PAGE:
October 10, 2020 — By Wendy Sachs

The month of October for many is full of fun, candy, laughter and spooky surprise. But for many children, being afraid is never fun. It can be debilitating and cause the month of Halloween to be full of anxiety.

There are a few things you can do to help kids manage this tough emotion. Fear is there to protect us; it keeps us out of trouble and helps us calculate risk. So we don’t want to send a message to kids to ignore that feeling. Instead we want to give them tools to manage that emotion and sort out true danger from their imagination. In the same way you might help kids manage their anger with self-regulation skills; you can help them get a handle on fear.

Real v Imagination

First up, know that developmentally, younger kids may not be able to reason out what is real from what is imaginary. So you will still need to be super supportive and help them when the monster under their bed is all too real.

Power of Talk

Next, start by helping kids to talk about what they are afraid of, and be specific. It seems counterintuitive, that we should encourage more talk about what is bothering them, but giving kids the power to talk about it actually is the first step in gaining control. It also helps you know what the actual problem might be.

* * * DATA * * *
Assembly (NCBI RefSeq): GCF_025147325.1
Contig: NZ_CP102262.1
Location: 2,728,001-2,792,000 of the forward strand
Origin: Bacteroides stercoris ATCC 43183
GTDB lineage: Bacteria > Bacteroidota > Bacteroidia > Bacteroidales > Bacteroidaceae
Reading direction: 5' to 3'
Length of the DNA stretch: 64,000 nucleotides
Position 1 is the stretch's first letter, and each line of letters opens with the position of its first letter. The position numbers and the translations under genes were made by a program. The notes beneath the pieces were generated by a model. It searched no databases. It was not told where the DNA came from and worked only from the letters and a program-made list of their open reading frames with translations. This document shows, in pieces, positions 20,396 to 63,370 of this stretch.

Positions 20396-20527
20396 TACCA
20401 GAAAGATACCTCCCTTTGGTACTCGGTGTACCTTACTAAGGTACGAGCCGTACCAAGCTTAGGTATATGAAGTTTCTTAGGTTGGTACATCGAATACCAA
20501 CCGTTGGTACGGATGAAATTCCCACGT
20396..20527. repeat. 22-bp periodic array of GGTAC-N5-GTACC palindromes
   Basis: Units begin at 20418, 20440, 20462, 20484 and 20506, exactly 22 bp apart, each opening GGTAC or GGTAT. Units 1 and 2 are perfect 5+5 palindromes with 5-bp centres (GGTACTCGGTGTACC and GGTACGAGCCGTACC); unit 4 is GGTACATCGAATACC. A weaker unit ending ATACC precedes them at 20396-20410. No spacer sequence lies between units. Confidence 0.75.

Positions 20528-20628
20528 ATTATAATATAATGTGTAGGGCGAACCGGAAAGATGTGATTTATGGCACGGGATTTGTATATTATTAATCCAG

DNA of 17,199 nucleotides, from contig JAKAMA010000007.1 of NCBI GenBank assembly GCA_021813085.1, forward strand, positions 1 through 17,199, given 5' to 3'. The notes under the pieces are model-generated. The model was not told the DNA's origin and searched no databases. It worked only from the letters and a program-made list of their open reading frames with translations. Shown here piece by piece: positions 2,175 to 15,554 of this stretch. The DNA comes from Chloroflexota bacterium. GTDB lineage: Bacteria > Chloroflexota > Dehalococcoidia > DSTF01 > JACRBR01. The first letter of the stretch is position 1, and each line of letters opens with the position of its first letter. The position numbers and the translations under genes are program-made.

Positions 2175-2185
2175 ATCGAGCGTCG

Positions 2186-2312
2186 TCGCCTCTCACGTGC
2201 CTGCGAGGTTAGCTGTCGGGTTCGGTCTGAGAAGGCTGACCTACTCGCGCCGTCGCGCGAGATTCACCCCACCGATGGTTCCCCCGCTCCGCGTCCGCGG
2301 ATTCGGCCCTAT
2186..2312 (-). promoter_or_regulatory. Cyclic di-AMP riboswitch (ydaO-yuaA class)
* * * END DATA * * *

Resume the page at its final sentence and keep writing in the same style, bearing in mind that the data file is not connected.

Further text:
Validate Emotions

Next, assure them that you are there to help and that it is perfectly natural for them to be afraid. Even you are afraid sometimes. Validating emotions is necessary always so never make a child feel that their response is wrong.

Problem Solve

Go to the place of problem solving, “how do you think we can work through this together?” Maybe it is monster spray, maybe it is being around a loud dog for only a minute every day until it is easier. Whatever you choose, see if you can get your child to suggest some possible answers and try them. You can also try reading stories about what are scary or using toys like stuffed dogs. Children who are afraid of being alone can try being in a different room away from you for a minute at a time and build up from there. Halloween frights can be viewed in the daytime first from a distance and move up to closer and in the dark.

Encourage Handling the Issue

Whatever the fear, the most important thing is to encourage your child to know they can handle it. While you want to be supportive, you don’t want to “protect” them. Don’t shy away from the fear as ultimately we want kids to feel they can handle the situation. We are all afraid of things, but as adults we have the experience to know we are capable of navigating the situation. That is what we want for our kids.

Finally, know that progress may be slow. Especially in this time of increased stress and uncertainty, the world feels out of control for many children. This is when fear feels overwhelming. It’s ok to be afraid. In a sense, most of us are operating that way these days. But remembering times that we have overcome fears will see us through. Be patient and know that together you and your child can conquer things together!